Technical Measures may include various access control and security measures to make it difficult for the trade secrets to be stolen. With the increase in cyber security threats, hacking, electronic espionage, malware, etc. trade secrets that are stored in electronic format must be properly protected.

Legal Measures may include special confidentiality agreements in place with those individuals given access to the trade secrets, non-compete clauses in their employment contracts (to the extent allowable in a given jurisdiction), and standard contract provisions with respect to trade secrets with third parties.

Best Practices in Protecting Trade Secrets

When considering what qualifies as reasonable, I suggest that companies should also look at best practices in this area. Best practice refers to commercial or professional procedures that are accepted or prescribed as being correct or most effective.

I accept that there is great variability from one company to another regarding how they manage their trade secrets. However best practice suggests:

  • Assigning ownership of the trade secret management process to someone senior in the organization.
  • Having a robust fit for purpose trade secret policy and associated procedures in place.
  • Utilizing confidentiality agreements as these play an important role in protecting trade secrets.
  • Having an awareness and education program to ensure that all employees are aware of this trade secret policy and associated procedures. This can be included within a broader intellectual property awareness and education program.
  • Determining which types of information should be deemed as trade secrets within the organization, and the qualifying criteria.
  • Identifying all of the trade secrets across the organization and mark these documents in the proper and professional manner. Of course this inventory of trade secrets will change over time as new trade secrets are identified and perhaps some older trade secrets no longer warrant being treated as such.
  • Classifying these trade secrets in terms of the nature of the secret, the date created, responsible person(s), etc. etc. plus of course the value of the trade secret to the business.
  • Determining the administrative, technical and legal measures that are needed to properly protect each trade secrets. The exact measures may differ from one trade secret to another.
  • Ensuring fit for purpose access control measures are in place.
  • Putting effective computer security measures in place.
  • Having the appropriate physical security measures in place for the office and other business premises, to keep unauthorized persons out.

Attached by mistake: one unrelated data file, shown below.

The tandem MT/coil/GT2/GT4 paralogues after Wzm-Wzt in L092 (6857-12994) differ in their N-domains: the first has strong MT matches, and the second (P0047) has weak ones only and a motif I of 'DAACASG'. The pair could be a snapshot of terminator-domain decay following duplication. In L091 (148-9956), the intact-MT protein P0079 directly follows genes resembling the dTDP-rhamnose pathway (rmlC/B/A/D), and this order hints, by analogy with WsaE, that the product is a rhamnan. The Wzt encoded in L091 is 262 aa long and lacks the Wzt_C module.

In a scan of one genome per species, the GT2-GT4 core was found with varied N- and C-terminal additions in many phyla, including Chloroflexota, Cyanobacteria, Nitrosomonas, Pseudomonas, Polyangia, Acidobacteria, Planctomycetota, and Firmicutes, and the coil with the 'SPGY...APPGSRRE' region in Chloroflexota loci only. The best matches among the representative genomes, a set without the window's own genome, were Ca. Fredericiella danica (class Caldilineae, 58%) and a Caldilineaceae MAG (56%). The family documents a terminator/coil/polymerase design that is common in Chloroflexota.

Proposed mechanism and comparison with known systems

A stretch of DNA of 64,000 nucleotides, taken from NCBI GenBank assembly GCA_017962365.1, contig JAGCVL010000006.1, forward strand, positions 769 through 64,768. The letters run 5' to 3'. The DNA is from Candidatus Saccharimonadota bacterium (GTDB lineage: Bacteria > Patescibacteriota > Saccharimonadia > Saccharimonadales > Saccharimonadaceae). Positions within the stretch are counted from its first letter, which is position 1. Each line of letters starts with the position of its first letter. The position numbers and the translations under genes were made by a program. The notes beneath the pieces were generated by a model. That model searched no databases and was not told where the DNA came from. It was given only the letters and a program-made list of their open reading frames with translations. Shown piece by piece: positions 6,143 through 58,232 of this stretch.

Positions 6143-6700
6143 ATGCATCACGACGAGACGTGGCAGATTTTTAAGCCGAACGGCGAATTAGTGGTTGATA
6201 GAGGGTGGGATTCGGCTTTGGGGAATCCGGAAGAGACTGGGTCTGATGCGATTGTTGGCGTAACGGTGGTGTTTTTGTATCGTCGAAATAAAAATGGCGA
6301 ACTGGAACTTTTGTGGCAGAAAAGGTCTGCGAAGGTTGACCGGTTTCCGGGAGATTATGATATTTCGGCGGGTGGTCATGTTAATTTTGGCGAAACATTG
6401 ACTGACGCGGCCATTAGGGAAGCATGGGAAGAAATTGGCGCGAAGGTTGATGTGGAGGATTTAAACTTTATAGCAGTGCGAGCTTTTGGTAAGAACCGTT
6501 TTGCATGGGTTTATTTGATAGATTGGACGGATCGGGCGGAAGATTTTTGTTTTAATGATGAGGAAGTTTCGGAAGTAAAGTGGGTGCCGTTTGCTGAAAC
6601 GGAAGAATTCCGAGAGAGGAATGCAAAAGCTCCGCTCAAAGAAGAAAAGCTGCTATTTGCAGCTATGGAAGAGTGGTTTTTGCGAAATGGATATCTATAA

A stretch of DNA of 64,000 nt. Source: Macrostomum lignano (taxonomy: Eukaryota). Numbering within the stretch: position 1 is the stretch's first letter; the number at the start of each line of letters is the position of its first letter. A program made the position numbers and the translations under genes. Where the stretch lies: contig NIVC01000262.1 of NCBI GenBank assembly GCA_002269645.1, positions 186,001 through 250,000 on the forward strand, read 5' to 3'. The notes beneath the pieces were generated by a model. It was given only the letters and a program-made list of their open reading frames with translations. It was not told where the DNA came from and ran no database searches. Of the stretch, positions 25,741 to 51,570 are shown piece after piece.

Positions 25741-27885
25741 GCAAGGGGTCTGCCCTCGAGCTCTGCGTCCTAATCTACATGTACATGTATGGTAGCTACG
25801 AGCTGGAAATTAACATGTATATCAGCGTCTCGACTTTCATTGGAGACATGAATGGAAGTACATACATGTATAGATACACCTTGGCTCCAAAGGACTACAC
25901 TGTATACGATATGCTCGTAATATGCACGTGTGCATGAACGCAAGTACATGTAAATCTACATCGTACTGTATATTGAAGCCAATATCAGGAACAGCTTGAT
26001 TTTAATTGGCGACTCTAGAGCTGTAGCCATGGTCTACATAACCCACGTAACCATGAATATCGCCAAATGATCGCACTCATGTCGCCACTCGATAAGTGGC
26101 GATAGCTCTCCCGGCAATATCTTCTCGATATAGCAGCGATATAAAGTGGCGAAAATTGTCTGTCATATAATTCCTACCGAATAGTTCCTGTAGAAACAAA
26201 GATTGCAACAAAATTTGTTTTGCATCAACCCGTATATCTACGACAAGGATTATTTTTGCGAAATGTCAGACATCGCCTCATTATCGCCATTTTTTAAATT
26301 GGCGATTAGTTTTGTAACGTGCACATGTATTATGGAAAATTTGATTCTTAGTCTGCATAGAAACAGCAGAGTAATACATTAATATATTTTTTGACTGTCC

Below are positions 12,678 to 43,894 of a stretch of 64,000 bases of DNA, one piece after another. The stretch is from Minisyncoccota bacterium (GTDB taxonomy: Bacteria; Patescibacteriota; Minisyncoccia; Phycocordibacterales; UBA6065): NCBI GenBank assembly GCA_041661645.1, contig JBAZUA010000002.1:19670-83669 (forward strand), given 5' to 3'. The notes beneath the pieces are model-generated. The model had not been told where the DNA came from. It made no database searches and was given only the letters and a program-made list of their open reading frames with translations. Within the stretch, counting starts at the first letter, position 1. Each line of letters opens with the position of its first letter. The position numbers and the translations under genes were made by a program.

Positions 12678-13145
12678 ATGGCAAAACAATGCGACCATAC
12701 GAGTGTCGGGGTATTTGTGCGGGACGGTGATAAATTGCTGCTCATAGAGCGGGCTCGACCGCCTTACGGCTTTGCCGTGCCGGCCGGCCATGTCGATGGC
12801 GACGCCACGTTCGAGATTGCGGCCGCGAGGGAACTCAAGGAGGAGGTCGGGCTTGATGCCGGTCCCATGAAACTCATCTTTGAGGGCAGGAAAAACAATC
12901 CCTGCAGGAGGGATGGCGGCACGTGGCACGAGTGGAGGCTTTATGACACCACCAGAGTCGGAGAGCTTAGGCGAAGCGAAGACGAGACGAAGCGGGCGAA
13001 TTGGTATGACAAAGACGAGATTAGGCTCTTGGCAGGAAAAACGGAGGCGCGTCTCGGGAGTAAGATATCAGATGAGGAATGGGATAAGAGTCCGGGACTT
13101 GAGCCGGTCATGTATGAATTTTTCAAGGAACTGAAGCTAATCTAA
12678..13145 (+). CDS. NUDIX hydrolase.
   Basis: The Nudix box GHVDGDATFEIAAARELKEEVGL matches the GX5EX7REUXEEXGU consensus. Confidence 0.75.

• Ensuring IP issues in general and trade secret issues specifically are addressed in both entry interviews of new employees and exit interviews of departing employees.
  • Developing contract provisions and working mechanisms in relationships with outside business partners, including joint venture partners, to protect trade secrets.
  • Conducting regular trade secret audits.

Hazel Helps Companies Identify Rank & Protect Their Trade Secrets

The Hazel Trade Secret Asset Management System may help your company manage its trade secrets and trade secret processes. Hazel can keep track of your corporate trade secrets and help you determine an appropriate level of protection for each trade secret recorded. Hazel can record who in your organization is responsible for a given trade secret, who is responsible for protecting the trade secret, and who has access to the trade secret, among other things. Contact the Hazel Team today to learn more.

For Secrets, I’m Donal O’Connell.


Patience by Oscar Gustave Rejlander – [1], Public Domain, Link

Caution by Penubag (Own work in Inkscape) [Public domain], via Wikimedia Commons

Judges by “Quiz” John Paget Mellor (1862-1929) – Published in Vanity Fair, 25 March 1893, as “Judges” Number 40.Downloaded from, Public Domain, Link


Thomas Ewing is a commercial lawyer, registered patent attorney, and intellectual property counselor with more than 25 years of experience in the IP field.  In his consulting practice, Tom routinely advises international organizations, government agencies, universities, law firms, multinational corporations and financial institutions. Tom has been recognized as one of the world’s 250 best IP strategists by IAM Magazine in every edition of its IAM 250 since the list’s inception in 2009.